by Joe Friel (from the Training Peaks Blog)
How would you like to improve your race performance by three percent in four weeks? Three percent isn’t much, you say? Well, that would mean going from a 2:30 Olympic-distance finish time to a 2:25. For an Ironman three percent off of a 12-hour time would put you at the finish line 21 minutes sooner. Intervals are the key to such gains — if you do the workouts correctly.
And three percent is conservative based on research that has looked at the benefits of interval training. Some studies put the performance benefits as high as six percent, so you might be able to double those time gains described above. Most studies found the benefits occurred with only one interval session per week. That’s four workouts in a month to become at least three-percent faster. Most triathletes would improve their race times significantly by doing one interval workout in each sport weekly during the build period of their seasons. The build period starts about 12 weeks before your first A-priority race of the season and ends two or three weeks before.
But I Already Do Intervals
Most triathletes tell me they do intervals. I’ve found few self-coached athletes, however, who know what the various types of intervals are, how to choose the right one for their needs and how to blend them into a comprehensive training program.
Unfortunately, most triathletes do a workout I call “intervals ‘til you puke.” These are intervals done as fast as possible with no thought as to what the pace or power should be, how long the fast portions should be, or how much recovery should be taken between the fast portions.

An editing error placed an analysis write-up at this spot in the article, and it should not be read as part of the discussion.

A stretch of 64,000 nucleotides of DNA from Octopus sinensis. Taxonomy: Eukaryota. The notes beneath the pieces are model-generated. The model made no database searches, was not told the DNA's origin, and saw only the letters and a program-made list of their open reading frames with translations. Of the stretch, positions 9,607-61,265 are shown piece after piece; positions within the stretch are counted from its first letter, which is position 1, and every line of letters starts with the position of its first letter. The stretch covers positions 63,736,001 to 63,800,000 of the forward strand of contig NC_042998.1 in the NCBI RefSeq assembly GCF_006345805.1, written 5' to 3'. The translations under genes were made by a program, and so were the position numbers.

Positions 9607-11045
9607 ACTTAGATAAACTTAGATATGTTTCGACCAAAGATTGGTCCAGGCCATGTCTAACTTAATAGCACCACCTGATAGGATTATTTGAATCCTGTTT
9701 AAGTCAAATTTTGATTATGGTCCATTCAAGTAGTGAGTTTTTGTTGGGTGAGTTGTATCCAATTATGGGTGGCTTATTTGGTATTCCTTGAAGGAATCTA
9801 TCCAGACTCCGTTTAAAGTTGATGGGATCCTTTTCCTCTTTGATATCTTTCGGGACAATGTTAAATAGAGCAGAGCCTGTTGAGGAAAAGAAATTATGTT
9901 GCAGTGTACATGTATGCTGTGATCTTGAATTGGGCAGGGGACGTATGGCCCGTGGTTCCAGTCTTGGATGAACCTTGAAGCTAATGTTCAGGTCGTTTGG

Then there are athletes who don’t do intervals at all. They dislike the agony and are more likely to swim, bike and run at moderately hard efforts a lot. This is 3-zone training and has little benefit once you leave the base period of your season—unless you are training for half ironman- or ironman-distance races that are raced at moderate effort. But for the shorter distances 3-zone workouts are not hard enough to produce the physiological benefits necessary to race faster, but are hard enough to leave you feeling tired and in need of some down time to recover. The worst of both worlds.
What Are Intervals?
So what are intervals all about? Let’s get the language of intervals straightened out first. The word “interval” actually refers to the rest time between the hard portions. But since nearly everyone uses the word “interval” to mean the hard portions it probably would help to eliminate confusion if we call those hard portions the “work intervals” and the easy portions the “recovery intervals.”
The three most critical components of an interval workout are:
- intensities of the work and recovery intervals
- durations of the work and recovery intervals and the total time spent
- work interval intensity within the workout
By changing each of these parts the benefits of the workout are changed. The most common mistakes made by self-coached athletes are to make the work intensity too great and the recovery interval too long.